Selective auditory attention is crucial for effective speech communication and social interaction in complex sound environments throughout the day. However, individuals with hearing impairment face challenges due to changes in sensory input received by the brain. One solution is the use of hearing aids, which provide audibility for previously inaudible frequencies and reduce background noise to improve the signal-to-noise ratio. By reducing background noise, the brain can more easily distinguish speech signals and discern important acoustic cues. This should result in clearer and more salient speech, enabling listeners to better attend to specific sound sources.
The first goal of this project is to develop new measures to objectively assess selective attention using electroencephalography (EEG), which can measure the brain’s ability to track speech that the listener is attending to over time in a non-invasive manner. The second goal of this project is to use the new measures to assess benefits of an advanced technology in hearing aids. for the first time.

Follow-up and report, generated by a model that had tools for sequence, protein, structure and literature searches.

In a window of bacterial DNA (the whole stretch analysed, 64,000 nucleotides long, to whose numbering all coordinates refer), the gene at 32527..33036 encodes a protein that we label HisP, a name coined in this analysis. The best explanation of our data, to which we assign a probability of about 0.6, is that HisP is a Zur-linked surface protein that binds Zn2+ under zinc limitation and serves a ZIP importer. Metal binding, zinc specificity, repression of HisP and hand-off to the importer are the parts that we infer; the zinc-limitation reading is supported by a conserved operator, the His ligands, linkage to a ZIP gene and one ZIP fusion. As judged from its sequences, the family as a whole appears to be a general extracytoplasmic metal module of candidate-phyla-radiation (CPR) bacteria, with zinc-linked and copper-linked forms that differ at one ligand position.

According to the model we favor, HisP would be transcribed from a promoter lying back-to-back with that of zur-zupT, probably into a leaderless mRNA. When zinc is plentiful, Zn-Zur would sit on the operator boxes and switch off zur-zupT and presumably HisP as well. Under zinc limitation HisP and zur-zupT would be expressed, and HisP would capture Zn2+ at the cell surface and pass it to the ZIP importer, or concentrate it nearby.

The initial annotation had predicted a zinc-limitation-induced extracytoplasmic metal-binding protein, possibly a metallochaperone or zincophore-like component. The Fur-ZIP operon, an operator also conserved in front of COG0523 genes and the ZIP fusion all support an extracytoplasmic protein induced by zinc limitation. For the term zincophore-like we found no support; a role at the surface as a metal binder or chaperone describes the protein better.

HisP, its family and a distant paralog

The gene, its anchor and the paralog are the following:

In this project, we use EEG to assess how well the brain tracks speech that a listener is attending to in a multi-talker environment. The technique involves recording electrical activity through electrodes placed on the scalp while the listener is instructed to pay attention to an attended speaker while ignoring competing sounds. The collected EEG data is decoded to reconstruct the original speech signal. The correlation between the reconstructed and the original speech signals is calculated, and the values are compared between the attended and unattended conditions to determine the strength of speech representation in the brain.
We show that signal processing algorithms in hearing aids (e.g., noise reduction) significantly enhance the brain’s tracking of the speaker of interest, allowing listeners to better segregate and organize different sound sources. This suggests that the improved audibility of and access to speech details provided by hearing aids contributes to the successful use of selective attention in challenging listening situations.